Astronomy for me is not a hobby where there is an end goal/level to achieve. Its a way of life,its always been a part of the person i am. Its partly made me who i am today and the way i think about things.

 

Edited by LukeSkywatcher
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4 minutes ago, LukeSkywatcher said:

OK. My hands are up. I am an underachiever in astronomy. For the last 37 yrs i have been wandering around the universe aimlessly like a headless chicken.I have never been one to plan a session with specific targets in mind. I prefer to just rotate/slew the scope or bins in every direction and see what i stumble upon. Ive seen many astounding sights and ive lots more to see. Its just the way i do things and i am happy plodding along at my own pace.

 

:thumbright:

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As people above have said in my 4 inch refractor I get a elongated smudge with a bright core that's using a 25mm eyepiece as you crank up the power the duller it becomes from my light polluted skies I have neither seen M110 or M32. 

Edited by wookie1965
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As others have said it would be a faint smudge in light polluted skies but with some detail possible under dark skies.

I spent a long time searching for M31 when I started and when I finally saw it I realised I had been looking at exactly the right spot repeatedly but not realising that I could see it. As soon as my eyes/brain clocked it, it has been easy to find and see ever since, even though it is just a faint oval smudge of the core from my home.

M31 is distinctively bracketed by a couple of magnitude 5ish stars that also help to pin it down, in the same way that M13 is bracketed by a pair of magnitude 7ish stars.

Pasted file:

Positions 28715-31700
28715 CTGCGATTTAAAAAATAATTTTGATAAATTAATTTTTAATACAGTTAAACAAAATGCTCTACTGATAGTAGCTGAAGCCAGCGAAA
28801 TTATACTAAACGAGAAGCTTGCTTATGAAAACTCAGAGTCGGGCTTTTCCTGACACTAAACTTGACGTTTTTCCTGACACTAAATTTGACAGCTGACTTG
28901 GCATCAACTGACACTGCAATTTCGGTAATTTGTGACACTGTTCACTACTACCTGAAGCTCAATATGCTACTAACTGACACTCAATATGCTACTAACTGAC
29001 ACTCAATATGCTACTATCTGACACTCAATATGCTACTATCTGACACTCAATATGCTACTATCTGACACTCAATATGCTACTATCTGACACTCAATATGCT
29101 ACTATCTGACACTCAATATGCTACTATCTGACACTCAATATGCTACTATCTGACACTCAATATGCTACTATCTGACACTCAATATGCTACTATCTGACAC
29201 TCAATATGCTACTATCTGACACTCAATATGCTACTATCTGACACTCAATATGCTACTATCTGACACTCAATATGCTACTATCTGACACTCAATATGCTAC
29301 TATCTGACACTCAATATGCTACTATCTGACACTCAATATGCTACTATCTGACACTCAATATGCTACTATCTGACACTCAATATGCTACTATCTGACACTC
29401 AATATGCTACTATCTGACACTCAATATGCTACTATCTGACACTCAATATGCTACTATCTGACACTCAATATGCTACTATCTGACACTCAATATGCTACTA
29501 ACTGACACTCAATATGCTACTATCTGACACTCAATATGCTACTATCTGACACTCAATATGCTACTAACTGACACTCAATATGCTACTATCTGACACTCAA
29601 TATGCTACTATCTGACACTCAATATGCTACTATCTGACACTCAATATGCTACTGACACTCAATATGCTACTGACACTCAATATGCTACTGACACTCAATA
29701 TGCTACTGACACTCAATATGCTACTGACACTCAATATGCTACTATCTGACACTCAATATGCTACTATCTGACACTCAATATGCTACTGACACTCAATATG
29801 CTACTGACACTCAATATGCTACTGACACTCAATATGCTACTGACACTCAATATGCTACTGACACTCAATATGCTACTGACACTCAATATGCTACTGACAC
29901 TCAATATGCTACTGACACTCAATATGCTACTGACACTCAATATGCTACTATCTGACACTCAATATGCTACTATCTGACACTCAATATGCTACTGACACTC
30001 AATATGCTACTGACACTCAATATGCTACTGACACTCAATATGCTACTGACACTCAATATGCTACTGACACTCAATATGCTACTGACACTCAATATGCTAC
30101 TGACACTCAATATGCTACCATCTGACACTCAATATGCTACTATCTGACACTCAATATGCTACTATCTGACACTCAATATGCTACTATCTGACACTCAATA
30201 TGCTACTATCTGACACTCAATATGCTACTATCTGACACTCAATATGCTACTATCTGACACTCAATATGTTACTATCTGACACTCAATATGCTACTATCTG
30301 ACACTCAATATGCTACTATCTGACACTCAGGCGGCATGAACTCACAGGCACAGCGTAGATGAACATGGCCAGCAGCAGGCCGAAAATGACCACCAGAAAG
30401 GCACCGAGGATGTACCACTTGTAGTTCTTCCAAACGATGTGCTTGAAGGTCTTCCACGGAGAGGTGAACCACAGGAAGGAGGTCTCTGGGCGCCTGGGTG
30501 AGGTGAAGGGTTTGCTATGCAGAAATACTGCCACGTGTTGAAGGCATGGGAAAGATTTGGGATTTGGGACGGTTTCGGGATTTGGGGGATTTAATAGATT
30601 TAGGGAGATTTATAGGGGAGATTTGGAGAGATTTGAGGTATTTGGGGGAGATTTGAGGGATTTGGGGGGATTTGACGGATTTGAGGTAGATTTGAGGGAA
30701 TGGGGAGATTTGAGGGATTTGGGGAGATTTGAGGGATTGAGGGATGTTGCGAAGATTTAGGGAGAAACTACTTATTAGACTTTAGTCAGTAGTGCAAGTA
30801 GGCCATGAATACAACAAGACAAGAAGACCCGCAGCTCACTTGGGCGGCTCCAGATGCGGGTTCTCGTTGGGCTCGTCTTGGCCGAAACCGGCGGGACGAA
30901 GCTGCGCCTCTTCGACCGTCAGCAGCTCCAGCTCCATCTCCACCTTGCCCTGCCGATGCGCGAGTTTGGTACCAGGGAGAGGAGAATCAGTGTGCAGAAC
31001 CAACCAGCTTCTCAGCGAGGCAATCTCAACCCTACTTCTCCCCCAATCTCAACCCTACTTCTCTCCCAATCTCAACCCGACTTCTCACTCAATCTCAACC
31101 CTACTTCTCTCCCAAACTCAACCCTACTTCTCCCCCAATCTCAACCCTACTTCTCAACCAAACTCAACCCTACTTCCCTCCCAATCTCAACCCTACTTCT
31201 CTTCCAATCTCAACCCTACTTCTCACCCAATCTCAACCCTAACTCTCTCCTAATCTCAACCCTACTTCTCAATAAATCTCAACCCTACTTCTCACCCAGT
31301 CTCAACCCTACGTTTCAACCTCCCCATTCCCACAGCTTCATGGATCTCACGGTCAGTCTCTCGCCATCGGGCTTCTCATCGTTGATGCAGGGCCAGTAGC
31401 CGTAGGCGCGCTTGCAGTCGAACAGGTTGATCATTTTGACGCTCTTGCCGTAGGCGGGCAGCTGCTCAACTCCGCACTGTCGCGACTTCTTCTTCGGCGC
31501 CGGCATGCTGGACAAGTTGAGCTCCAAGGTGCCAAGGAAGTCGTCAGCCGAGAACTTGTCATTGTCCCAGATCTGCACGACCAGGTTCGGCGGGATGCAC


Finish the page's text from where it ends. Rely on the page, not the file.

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Star hopping take some time to get used to and many sessions. Tools such as a Stellarium and SkySafari are brilliant as you can input the scope and eyepiece to have the eyepiece FOV circle and flip the view to that of through your scope (in the newts case both directions.  I was star hopping the other night with the 100p Heritage with my 24mm EP or my 19mm EP as it shows a massive field there's certainly no need for a finderscope!  Using SkySafari and the flipped view you're just then following the best line using various stars and patterns to get you to the target. A good target for practice is M57 starting from Vega.

Keep at it and it will come naturally.  M31 was not my first DSO but it was hit during my first session out with my C8 and I remember a very frustrating time to star hop my way to it using an EQ mount but I got there in the end.  Of course once I got there it was a small smudge.  Many sessions and a couple of years later M31 is to me a bright massive object with structure on most nights (this was with my 8") but then I've dedicated my time to faint DSOs primarily galaxies.

At a sufficiently dark site Your scope has enough aperture to cover the entire Messier list although some of the tiny clusters may be difficult to resolve.